Did you know your brain has superpowers? Berit Brogaard, PhD, and Kristian Marlow study people with astonishing talents-memory champions, human echolocators, musical virtuosos, math geniuses, and synesthetes who taste colors and hear faces. But as amazing as these abilities are, they are not mysterious. Our brains constantly process a huge amount of information below our awareness, and what these gifted individuals have in common is that through practice, injury, an innate brain disorder, or even more unusual circumstances, they have managed to gain a degree of conscious access to this potent processing power. The Superhuman Mind takes us inside the lives and brains of geniuses, savants, virtuosos, and a wide variety of ordinary people who have acquired truly extraordinary talents, one way or another. Delving into the neurological underpinnings of these abilities, the authors even reveal how we can acquire some of them ourselves-from perfect pitch and lightning fast math skills to supercharged creativity. The Superhuman Mind is a book full of the fascinating science readers look for from the likes of Oliver Sacks, combined with the exhilarating promise of Moonwalking with Einstein.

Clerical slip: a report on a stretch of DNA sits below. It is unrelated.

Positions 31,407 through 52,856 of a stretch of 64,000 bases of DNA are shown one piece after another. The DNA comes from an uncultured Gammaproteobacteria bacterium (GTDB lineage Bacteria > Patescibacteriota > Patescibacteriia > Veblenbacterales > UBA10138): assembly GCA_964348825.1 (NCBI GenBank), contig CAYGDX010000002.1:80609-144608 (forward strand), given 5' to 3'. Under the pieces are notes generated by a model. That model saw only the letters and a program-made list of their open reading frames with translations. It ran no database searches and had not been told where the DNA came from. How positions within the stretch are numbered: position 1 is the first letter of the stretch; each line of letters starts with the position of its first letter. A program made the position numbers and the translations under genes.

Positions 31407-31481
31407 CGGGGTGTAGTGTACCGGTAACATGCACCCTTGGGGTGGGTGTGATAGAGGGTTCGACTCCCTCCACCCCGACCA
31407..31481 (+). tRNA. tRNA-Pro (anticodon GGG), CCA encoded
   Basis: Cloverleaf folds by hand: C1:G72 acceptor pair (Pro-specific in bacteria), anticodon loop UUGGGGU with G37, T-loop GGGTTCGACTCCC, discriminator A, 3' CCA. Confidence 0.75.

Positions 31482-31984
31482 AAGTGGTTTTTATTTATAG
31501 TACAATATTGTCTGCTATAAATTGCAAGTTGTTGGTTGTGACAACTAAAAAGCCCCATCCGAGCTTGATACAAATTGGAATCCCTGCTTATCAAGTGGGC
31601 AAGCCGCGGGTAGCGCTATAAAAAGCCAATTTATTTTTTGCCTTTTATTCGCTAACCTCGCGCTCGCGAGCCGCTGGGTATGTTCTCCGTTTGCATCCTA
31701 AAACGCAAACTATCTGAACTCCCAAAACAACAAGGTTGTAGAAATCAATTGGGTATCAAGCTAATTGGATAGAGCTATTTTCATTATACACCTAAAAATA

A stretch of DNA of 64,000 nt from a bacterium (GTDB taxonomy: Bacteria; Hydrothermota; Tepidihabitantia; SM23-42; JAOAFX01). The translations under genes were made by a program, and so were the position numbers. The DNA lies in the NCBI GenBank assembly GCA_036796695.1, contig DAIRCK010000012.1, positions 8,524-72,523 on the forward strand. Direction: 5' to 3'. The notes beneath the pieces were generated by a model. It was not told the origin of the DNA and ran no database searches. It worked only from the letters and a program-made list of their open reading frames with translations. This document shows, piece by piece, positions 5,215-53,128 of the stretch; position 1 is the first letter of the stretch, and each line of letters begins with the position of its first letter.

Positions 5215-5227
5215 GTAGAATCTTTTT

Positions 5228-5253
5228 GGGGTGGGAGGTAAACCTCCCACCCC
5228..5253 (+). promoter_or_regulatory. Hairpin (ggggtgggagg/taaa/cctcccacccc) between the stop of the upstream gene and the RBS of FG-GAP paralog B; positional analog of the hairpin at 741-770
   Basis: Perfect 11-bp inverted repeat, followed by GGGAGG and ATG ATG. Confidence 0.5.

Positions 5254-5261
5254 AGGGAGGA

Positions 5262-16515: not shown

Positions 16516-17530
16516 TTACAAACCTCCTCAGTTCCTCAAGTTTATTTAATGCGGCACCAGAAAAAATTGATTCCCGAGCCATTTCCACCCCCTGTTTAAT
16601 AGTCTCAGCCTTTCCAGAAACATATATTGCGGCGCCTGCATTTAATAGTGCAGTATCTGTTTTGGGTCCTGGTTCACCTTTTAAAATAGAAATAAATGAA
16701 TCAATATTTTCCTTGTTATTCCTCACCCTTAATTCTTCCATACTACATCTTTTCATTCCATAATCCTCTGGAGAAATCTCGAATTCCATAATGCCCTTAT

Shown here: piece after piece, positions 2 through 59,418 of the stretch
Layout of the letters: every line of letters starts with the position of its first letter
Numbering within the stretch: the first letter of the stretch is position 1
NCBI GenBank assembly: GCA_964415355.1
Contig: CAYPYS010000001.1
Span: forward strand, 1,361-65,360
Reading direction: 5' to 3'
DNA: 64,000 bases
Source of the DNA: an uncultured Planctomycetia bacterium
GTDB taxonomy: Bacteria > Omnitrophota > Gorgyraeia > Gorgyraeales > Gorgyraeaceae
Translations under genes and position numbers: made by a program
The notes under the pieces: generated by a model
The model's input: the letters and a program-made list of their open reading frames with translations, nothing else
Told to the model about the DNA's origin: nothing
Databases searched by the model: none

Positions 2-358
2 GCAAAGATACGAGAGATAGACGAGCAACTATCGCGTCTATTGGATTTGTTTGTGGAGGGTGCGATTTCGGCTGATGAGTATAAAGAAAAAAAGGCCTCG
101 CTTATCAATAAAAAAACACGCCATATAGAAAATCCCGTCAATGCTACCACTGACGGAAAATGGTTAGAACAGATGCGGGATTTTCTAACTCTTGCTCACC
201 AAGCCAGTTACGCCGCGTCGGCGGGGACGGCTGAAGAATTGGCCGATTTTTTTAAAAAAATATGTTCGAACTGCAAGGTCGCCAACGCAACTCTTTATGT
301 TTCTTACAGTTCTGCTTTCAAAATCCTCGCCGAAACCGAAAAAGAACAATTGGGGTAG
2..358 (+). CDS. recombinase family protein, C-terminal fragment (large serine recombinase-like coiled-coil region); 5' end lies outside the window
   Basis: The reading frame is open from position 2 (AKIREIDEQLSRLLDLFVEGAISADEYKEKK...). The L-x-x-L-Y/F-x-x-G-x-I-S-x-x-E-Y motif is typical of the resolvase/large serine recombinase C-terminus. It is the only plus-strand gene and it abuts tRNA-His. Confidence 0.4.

You can find this title in the following lists:
Click the Download button to download a copy of the MARC file.
Enter your FTP details below to send the MARC export file via FTP.
by Fern Michaels
by Joanne Oppenheim
by Temple Grandin, Catherine Johnson
by Deborah Perry Piscione
by Deborah Solomon
by Ann Bausum
by Winifred Conkling
by Glenn Stout
by Patti Hill
by Stef Ann Holm
by Jan Grape
"Two researchers with interests in synesthesia and atypical strengths (savants) offer a compelling overview of how brain structure allows us to accomplish unusual mental and physical feats. Andrea Gallo's splendid narration, notable for her low-key cheeriness and vocal clarity, keeps the long production from bogging down with the authors' often obscure case studies. There are phrasing glitches, mainly disorienting pauses, but, overall, Gallo makes this material eminently understandable. The audiobook describes the way regions of the brain communicate with other regions when we're learning and performing complex tasks. The work is more informative than prescriptive, but the information is inspiring: The stories and neuroanatomical details provide concrete models of how people can systematically learn such things as a new language, a musical instrument, or any physical skill. T.W. © AudioFile 2016, Portland, Maine"
Sign up for our email newsletter